The basic arrangement of the Thomas Jefferson Inn - traditional guest rooms, entered from hotel corridors, located in the center section and motel style rooms in the two flanking wings - is intact to the present day, with minor alteration that do not detract from the parti of the original design. On entering the lobby through the main entrance door, there is a security booth on the right hand side and an office on the other side. Two slim, stylized wood pilasters with composite capitals (Figure 23) along with a fixed, divided-light, square window flank the main entrance door on each side. The main entrance door is a double-leaf, wide-stile wood door with full height clear glass not divided by muntins. The curved reception desk no longer exists but the curved wood molding on the ceiling next to the security booth still remains, along with an old mail box unit, indicating the location of the reception desk (Figure 22). The former shop on the second floor has been converted into an office space but the elaborate wood moldings around the door opening still remain. The walls in the lobby have wood base boards, chair rails, and cornice moldings. All the interior wood work is painted white. The wall below the chair rail is painted grey and above the chair rail is a yellowish cream color. Original glass wall sconces light up the lobby along with table lamps. The floor in the lobby is carpeted. The three-room suite on the second floor is now the Directors Office with adjoining offices for support staff. The finishes in the Directors Office are superior to that of the rest of offices. The wood paneling on the walls is no longer visible in the Directors Office, although the wood cornice and wood door and window trims still remain and are painted a grayish blue color. Fluorescent lights are installed in the ceiling and are not in harmony with the overall traditional aesthetic of the room. Several of the guest rooms on this floor are now used as administrative offices. The finishes in the offices are typically acoustic tile ceilings, carpet floors, wood baseboards, fluorescent troffer lights, and flush wood doors with steel frames. The corridors in the second and third floors feature carpeted floors, wood baseboards, wood chair rails, and acoustic tile ceilings. The guest rooms typically have wood baseboards, wood chair rails, wood cornices, and carpeted floors. Doors into the individual guest rooms are typically wood with wood frames on the exterior doors and hollow metal frames on the interior doors. The doors of the guest room that face open porches or balconies are equipped with double-leaf, louvered screen doors in addition to the entry doors. All exit doors are typically fire-rated metal doors.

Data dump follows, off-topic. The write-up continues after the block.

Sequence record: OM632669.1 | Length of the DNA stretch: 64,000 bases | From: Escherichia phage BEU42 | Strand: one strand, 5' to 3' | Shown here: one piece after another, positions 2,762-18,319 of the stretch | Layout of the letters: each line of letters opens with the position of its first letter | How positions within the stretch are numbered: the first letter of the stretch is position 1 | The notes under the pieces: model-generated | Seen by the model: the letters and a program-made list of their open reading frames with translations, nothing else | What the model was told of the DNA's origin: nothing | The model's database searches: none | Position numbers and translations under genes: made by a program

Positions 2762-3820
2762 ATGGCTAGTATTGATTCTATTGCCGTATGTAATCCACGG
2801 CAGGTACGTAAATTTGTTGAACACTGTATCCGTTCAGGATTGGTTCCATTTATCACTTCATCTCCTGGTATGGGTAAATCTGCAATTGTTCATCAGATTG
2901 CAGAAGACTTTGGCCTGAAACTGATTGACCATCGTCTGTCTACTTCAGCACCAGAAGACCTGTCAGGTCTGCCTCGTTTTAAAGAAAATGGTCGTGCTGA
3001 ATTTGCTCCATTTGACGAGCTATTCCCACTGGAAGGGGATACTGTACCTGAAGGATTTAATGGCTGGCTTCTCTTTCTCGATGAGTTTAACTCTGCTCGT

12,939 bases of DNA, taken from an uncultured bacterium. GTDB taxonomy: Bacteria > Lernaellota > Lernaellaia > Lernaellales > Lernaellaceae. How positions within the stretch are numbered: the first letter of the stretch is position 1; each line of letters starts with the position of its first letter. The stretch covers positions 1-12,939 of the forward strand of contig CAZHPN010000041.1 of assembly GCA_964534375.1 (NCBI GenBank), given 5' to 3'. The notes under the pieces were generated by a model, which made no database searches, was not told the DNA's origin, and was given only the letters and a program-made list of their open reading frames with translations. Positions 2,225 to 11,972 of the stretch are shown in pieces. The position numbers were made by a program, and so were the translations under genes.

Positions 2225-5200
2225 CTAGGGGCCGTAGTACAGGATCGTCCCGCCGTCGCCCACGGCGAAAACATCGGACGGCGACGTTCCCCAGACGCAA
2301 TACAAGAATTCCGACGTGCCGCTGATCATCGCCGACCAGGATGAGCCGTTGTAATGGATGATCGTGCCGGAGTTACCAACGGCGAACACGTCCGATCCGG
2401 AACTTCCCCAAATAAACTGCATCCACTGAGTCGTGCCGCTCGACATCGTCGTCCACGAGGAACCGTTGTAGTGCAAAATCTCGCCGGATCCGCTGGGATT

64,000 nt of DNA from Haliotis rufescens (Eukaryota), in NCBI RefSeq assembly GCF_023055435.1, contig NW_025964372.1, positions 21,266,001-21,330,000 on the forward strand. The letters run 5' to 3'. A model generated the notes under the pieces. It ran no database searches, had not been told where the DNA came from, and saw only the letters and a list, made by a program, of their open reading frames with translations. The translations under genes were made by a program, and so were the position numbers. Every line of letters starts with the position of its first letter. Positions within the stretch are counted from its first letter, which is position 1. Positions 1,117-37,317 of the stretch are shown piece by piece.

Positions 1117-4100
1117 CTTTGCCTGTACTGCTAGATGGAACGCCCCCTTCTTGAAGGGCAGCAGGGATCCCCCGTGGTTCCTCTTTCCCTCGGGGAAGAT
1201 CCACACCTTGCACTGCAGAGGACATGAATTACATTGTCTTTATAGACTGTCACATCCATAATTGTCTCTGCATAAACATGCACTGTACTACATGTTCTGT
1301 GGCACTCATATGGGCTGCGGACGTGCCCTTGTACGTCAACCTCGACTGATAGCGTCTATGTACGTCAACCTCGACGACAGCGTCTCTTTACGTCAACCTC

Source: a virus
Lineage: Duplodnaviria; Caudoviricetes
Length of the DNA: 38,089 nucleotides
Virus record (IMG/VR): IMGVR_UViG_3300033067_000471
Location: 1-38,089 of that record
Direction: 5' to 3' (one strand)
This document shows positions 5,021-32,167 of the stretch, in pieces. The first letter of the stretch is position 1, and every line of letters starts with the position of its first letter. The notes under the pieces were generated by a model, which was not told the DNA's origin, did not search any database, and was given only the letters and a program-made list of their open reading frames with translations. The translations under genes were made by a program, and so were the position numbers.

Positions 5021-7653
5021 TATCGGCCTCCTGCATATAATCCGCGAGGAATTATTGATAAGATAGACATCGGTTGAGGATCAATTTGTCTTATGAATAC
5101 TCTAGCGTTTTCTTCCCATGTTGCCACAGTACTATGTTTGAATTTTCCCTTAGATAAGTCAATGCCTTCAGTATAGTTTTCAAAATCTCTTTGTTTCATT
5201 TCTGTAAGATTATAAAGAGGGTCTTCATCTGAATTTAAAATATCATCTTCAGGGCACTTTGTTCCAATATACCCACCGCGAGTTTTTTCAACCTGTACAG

The former lounge on the third floor is now used as a conference room and is called the Virginia Study. It has retained almost all of its Jeffersonian details, including the fireplaces, the chandeliers, the cornice, moldings, the upper level octagonal windows, and the French windows. Wood wainscoting wraps around the perimeter of the room. On the north wall of the room are paneled doors that have elaborate architraves crowned by pediments. The flooring in the room is composed of wood parquet. The balcony adjoining the conference room has been enclosed as mentioned earlier. The dining room and kitchen remain in their original locations, although the kitchen was enlarged, presumably in the 1960s, to incorporate more storage and preparation area. The dining room is largely unchanged and features original murals on its walls, a fire place, wood wainscot, wood cornice, brass chandeliers, patterned ceiling tiles, and doors with elaborate wood trim. The original outdoor dining terrace no longer exists. In its place is a one-story addition that accommodates a lounge area as well as two large classroom spaces the Old Dominion Room, which has a capacity of approximately 100 people, and Albemarle Room. The Old Dominion Room has fabric-covered, movable panel walls, stylized painted wood pilasters, wood wall trim, and baseboards. A separate entrance, leading directly into the lounge area, was added at approximately a forty-five degree angle to the east wing. It is assumed that sometime in the 1990s this entrance porch was enclosed with stuccoed walls and clear glass windows to create an Alumni Room which is currently used as a breakfast room. The lounge area and breakfast room have slate floors and wood trims, moldings, and built-in cabinetry.